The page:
Nan Warshaw is co-owner and co-founder of Bloodshot Records. She’s a news junkie and a Mom who loves living in Chicago, traveling to far places and staying with locals, being a resource, and drinking good bourbon or Irish whiskies not aged in a sherry cask. She is proud to further the careers of artists she loves and respects, and work toward social justice especially as it impacts musicians and the underprivileged; in addition to her involvement in FMC, Nan is an honorary board member of Rock For Kids and sits on the advisory board of the Chicago Music Commission.
Nan has been a fan, advisory board member and supporter of the Future of Music Coalition for years. As part of our Future of Music Coalition Summer of Love profile series, we sat down with Nan and asked her a few questions:
Can you believe it? Future of Music Coalition is turning twelve years old, and we’ll be celebrating with cocktails at Gibson Guitar Showroom on Tuesday, August 21. And we’d love to see you there!
The party is happening from 6 to 8:30 PM. It’s a chance to meet our staff, mingle and network with fellow supporters of music at Gibson’s beautiful showroom, and show your support for our crucial work on behalf of musicians. read more
Yesterday afternoon, news broke that TuneCore president and CEOJeff Price would no longer be helming the company, which lets musicians — for a flat fee — stock their music in a range of digital retail environments. Also on the outs is TuneCore co-founder Peter Wells. read more
Last Friday, Google announced a major update to its search engine algorithm that will lower the ranking of sites hosting unauthorized content. We at FMC think this is a good thing: why should musicians and independent labels have their official pages show up lower in search returns than those offering illegitimate wares? There are, however, some legitimate questions about how this new search rubric will be managed, and to which sites and services it will apply. read more
This post authored by FMC Policy Fellow Daniel Lieberman.
June’s “Future of Audio” hearing got all of us at FMC thinking about, well, the future of audio. Listening to testimonials from music heavyweights like Tim Westergren of Pandora and Cary Sherman from the Recording Industry Association of America (RIAA) left us wondering how the public will experience the soundtrack of tomorrow. read more
TheHill.com just released their annual list of The Hill’s 50 Most Beautiful People. We here at FMC are frankly a little upset that we weren’t included in the mix.
Not one of the 50 individuals spotlighted took the time to pull on an FMC t-shirt before taking part in the photo shoot. These shirts work like a dream — you can show the world that you truly care about musicians and look great while doing it. And the FMC cotton tees keep you cool under the hot summer sun or during a long jam session. read more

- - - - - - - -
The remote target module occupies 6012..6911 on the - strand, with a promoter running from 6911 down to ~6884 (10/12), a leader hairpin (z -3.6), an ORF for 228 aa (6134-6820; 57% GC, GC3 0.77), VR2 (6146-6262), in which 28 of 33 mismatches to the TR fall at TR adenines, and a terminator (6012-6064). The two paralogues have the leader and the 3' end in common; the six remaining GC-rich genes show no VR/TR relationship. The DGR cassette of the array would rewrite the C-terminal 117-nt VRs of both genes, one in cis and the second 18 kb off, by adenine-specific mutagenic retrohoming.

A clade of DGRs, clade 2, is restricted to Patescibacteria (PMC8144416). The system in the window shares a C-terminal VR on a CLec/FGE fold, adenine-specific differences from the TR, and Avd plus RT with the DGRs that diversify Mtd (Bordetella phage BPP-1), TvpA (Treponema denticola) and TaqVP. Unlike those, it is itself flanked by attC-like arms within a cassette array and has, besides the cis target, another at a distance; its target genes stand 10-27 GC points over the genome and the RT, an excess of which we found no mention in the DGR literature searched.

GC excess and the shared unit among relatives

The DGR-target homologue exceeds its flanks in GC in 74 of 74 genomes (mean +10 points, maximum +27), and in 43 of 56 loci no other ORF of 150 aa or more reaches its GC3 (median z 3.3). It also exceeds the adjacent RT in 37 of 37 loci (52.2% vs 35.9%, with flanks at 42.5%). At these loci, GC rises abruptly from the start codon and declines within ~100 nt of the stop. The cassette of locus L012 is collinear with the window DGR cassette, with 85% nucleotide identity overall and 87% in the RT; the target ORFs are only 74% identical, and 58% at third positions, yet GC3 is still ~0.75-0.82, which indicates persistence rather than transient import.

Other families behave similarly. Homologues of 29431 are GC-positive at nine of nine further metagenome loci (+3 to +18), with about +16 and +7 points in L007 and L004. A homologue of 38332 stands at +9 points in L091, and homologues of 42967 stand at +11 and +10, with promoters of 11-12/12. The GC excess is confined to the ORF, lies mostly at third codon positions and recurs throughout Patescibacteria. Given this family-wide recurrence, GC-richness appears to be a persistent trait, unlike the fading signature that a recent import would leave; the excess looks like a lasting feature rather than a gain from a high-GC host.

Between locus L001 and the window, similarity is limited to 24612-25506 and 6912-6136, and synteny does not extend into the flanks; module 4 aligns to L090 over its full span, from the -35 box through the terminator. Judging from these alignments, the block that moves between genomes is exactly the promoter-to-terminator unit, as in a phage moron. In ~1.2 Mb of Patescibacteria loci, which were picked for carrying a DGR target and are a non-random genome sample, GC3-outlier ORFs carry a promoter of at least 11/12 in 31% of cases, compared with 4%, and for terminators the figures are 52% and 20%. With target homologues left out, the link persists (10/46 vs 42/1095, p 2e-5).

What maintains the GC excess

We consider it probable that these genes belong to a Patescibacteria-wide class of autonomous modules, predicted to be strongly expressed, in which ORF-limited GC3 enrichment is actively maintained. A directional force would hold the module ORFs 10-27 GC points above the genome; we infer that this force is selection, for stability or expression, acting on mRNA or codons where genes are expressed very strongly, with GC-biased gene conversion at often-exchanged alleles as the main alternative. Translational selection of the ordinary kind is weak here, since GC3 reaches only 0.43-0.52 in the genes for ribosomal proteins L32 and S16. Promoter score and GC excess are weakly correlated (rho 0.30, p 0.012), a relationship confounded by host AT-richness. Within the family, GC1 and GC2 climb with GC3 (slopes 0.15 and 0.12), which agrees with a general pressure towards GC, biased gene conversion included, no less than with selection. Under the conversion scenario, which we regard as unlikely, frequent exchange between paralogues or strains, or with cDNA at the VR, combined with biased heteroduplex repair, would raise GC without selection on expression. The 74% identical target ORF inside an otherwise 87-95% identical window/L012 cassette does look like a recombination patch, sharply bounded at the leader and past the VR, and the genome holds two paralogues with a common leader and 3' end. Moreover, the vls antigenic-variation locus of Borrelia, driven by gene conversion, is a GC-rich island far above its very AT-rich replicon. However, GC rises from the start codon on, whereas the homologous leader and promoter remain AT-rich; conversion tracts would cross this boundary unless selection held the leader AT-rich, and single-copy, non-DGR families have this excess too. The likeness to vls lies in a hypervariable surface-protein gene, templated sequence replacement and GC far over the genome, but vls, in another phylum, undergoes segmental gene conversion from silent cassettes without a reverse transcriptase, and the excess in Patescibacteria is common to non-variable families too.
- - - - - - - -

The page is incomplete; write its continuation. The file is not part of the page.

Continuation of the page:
[Post authored by FMC Policy Fellow Daniel Lieberman]
Last week, Universal Music’s bid to takeover EMI Music went before European antitrust regulators, who will rule this September on a merger that would further consolidate the major record label system. If you are just tuning in, EMI is the crown jewel of the United Kingdom’s music catalog, home to classic recordings by the Beatles,Pink Floyd, David Bowie, and more contemporary releases by the Beastie Boys, LCD Soundsystem and Norah Jones. Further background on this merger is available here. read more
FutureBlog readers probably know Bertis Downs as longtime manager of R.E.M. An attorney from Athens Ga, he is enjoying his “active retirement” in a number of ways— keeping up with the ongoing legacy of R.E.M., spending more time with his family (really), teaching and engaging in various professional and educational settings (like Future of Music Summits and the like), and pursuing his passion for public education as he considers the future of education for his own kids, and other people’s kids, in our country’s underfunded and increasingly besieged public education system (among his heroes are Diane Ravitch and Linda Darling-Hammond, who stick to the facts and don’t mind calling out wrongheaded “solutions, ” whether they are mean-spirited or just misguided).
Bertis has been a fan, advisory board member and supporter of the Future of Music Coalition for years. As part of our Summer of Love profile series, Bertis graciously agreed to chat with us.
Meet Victoria Espinel. As the White House’s Intellectual Property Enforcement Coordinator (IPEC), she’s tasked with coordinating the many federal agencies that work to stop copyright infringement and counterfeiting. This covers everything from books, movies, and music to software, knockoff designer clothes, and counterfeit toothpaste laced with antifreeze. As you can imagine, it’s a big job. read more
[This post authored by FMC Legal Intern Joseph Silver]
The first sale doctrine within American copyright and trademark law has been getting a lot of attention in recent months. A number of federal circuit courts have touched upon this important copyright principle, which says that when a consumer purchases a good on the legitimate marketplace, the law affords them the right to lend, resell and dispose of that item (along with a number of other related uses). However, the first sale doctrine, also known as the exhaustion doctrine, does not permit a purchaser to reproduce, publicly display or perform the work, all of which are exclusive rights held by the copyright holder. Absent a “fair use” defense for consumers, those rules are pretty steadfast. Still, the first sale doctrine is an important limitation on copyright, which allows consumers who have lawfully purchased copyrighted goods to choose how the particular copy they purchased is distributed. This much remains settled. Yet two issues have recently arisen that aren’t so cut-and-dry: whether the first sale doctrine applies to digital goods and whether it applies to goods manufactured internationally.